Melatonin: Sleep Like a Baby With This
Do you find yourself tossing and turning at night, counting sheep in a fruitless effort to sleep?
Are you dragging all day long – but then wide awake again come bedtime?
Do you travel so much that jet lag has become just another “normal” part of your life?
You’re not alone. According to polls, at least a quarter of American adults say they get less than 7 hours of sleep on weeknights. No wonder so many of us are walking around like zombies!
And no wonder so many people find themselves turning to over-the-counter and prescription pills, which can leave you groggy, spaced out – and worse, dependent on them.
At the same time, your body needs adequate sleep to restore and rejuvenate itself.
The idea of natural sleep aid that’s free of major side effects and isn’t addictive sounds pretty appealing, doesn’t it?
But does it really work?
Perchance to Sleep…
Melatonin is a hormone naturally produced by a part of the brain called the pineal gland. The hormone was isolated from this gland in 1958 by Dr. Aaron Lerner, a Yale researcher who thought it might play a role in skin pigmentation.
He was wrong, though. As later research revealed, melatonin’s primary role involves helping to maintain our sleep/wake cycle, also know as our circadian rhythms.
It works like this: The pineal gland synthesizes and secretes melatonin in response to messages from the retina in the eye.
This process is strongly influenced by light. See, melatonin secretion increases as the sun sets, reaching peak levels between 2 am and 4 am. Melatonin is much lower during the day, when light is at its brightest. This cycle is what makes you feel sleepy at night and awake during the day – hopefully.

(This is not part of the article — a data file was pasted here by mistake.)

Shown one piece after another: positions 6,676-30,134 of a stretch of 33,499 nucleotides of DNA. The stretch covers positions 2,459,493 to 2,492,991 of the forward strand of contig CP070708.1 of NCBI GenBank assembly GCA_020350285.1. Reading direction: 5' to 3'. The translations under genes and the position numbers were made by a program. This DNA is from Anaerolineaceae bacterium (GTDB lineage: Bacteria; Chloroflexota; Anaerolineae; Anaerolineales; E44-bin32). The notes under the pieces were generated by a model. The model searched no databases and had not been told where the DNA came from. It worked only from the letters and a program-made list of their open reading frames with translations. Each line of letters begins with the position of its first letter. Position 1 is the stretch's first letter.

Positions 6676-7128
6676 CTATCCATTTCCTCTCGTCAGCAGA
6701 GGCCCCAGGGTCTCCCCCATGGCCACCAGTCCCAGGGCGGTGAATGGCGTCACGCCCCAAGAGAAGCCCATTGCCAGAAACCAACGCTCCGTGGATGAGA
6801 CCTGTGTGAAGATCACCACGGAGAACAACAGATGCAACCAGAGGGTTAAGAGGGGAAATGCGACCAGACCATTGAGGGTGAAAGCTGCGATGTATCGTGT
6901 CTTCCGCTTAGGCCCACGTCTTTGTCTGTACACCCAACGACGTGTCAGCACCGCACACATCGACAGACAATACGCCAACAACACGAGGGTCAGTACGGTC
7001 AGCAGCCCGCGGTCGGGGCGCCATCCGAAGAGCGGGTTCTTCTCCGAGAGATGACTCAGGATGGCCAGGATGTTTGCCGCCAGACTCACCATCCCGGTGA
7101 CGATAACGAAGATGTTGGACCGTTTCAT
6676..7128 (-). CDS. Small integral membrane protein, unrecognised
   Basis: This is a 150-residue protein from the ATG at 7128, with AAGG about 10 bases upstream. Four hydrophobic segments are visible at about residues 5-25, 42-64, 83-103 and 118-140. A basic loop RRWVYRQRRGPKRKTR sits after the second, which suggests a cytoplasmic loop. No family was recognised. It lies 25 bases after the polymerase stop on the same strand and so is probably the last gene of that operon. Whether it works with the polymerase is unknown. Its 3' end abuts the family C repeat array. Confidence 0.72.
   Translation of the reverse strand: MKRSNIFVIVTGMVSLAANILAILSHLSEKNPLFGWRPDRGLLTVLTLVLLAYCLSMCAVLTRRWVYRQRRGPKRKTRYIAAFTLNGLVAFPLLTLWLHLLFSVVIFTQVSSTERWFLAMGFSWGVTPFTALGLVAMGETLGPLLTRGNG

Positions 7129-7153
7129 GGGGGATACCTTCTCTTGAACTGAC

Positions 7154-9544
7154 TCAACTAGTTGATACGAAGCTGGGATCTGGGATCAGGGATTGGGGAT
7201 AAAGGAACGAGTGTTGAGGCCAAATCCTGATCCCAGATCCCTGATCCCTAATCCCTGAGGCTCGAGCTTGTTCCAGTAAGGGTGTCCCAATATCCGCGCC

Of course, increased exposure to artificial light at night, as well as travel through different time zones and work that requires us to work night shifts, can wreak havoc on melatonin production.
That’s a big reason why it may be hard to fall asleep at bedtime.
As you might imagine, that makes supplemental melatonin a promising treatment for insomnia, jet lag, and other sleep-related problems.
But does it really work?
Let’s see what the studies say.
Get More Zs…
Not surprisingly, the majority of research into supplemental melatonin has focused on its ability to promote sleep – and the results are generally pretty impressive.
There’s good evidence that melatonin can help combat jet lag. For example, one double-blind, placebo-controlled trial looked at the effects of melatonin supplements on 320 people for 4 days after a long plane trip. The participants took either 5 mg of standard melatonin, 5 mg of slow-release melatonin, 0.5 mg of standard melatonin, or a placebo pill daily.
The results? Researchers found that people who took 5 mg of standard melatonin slept better, took less time to fall asleep, and felt more energetic and awake during the day than people in the other three groups.1
And another study of airplane crews found that people who took 10 mg of melatonin experienced improved rest and other benefits similar to those of the drug zopliclone, compared to people who took a placebo. Melatonin didn’t interfere with mental function the following morning.2
Melatonin also appears to help people with insomnia get more shuteye.
Several studies have shown melatonin reduces the amount of time it takes to fall asleep. In one study, for instance, people with insomnia who took 2 mg of melatonin at bedtime for 3 weeks fell asleep faster and felt like they slept better and were more energetic in the morning than those took a placebo.3
The supplement also seems to help improve sleep in people with specific medical problems that keep them awake at night, including diabetes, head injury, Parkinson’s disease, and attention deficit disorder. It may also benefit shift workers, although research findings have been mixed.5,6